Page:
Chlamydia infections are a cause of blindness worldwide and a major cause of sexually transmitted disease in the US. Greater understanding of protective immunity to Chlamydia at mucosal surfaces is urgently required if an effective vaccine is to become a reality. Our application will examine fundemental aspects of protective CD4 T cells during infection of the female reproductive tract mucosa. Our experimental approach is unique in that it utilizes a natural route of infection, uses an established model where CD4 T cells participate in bacterial clearance, and allows for direct visualization of endogenous Chlamydia-specific CD4 T cells using reagents that were recently developed in our laboratory. Our application specifically proposes to, (i) examine CD4 T cell heterogeneity and the contribution of these heterogeneous responses to protection and pathology, (ii) examine whether antibiotic-treatment adversely affects the development of protective TRM cells in the reproductive tract mucosa, (iii) determine whether the use of flagellin can enhance moderate protective immunity elicited by the single antigen PmpG1. Understanding each of these issues will increase our knowledge of Chlamydia-specific CD4 T cell biology and may be vitally important for the generation of a new Chlamydia vaccine.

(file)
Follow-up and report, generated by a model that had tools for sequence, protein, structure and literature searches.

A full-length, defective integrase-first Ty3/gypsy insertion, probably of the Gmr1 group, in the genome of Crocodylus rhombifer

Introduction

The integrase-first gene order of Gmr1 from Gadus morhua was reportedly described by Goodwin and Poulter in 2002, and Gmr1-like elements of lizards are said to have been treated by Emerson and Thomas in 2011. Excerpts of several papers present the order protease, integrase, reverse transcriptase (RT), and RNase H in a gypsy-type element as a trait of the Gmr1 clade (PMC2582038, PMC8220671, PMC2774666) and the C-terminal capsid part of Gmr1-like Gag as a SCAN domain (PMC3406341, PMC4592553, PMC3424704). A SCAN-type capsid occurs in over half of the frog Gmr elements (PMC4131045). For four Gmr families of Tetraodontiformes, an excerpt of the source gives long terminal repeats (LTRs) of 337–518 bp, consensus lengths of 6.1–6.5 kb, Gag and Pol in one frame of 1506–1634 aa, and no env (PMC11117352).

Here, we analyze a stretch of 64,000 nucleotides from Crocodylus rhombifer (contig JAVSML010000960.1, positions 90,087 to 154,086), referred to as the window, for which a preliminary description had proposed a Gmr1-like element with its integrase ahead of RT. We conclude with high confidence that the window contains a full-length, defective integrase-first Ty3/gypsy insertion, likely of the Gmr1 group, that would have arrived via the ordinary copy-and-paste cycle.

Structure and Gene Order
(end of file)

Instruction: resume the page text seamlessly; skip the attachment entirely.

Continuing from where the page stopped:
The CDC estimates that Chlamydia is one of the most prevalent bacterial infections in the US and causes upper reproductive tract pathology in a growing number of otherwise health young women. Unfortunately, women with untreated Chlamydia infection can develop serious pelvic inflammatory disease (PID), infertility, chronic pelvic pain, or suffer from ectopic pregnancy. Given the high incidence of infection and the potential for serious pathology, the current consensus among scientists and clinicians is that an effective Chlamydia vaccine is needed. In order for a vaccine to be generated, greater understanding of host immunity to Chlamydia infection in the upper reproductive tract is required. Our application will utilize new antigen-specific reagents that we have recently generated for the mouse model of genital Chlamydia infection. We will use these reagents to examine the heterogeneity of the CD4 T cell response to infection, the affect of antibiotic treatment on developing immunity, and boosting protective immunity to infection.
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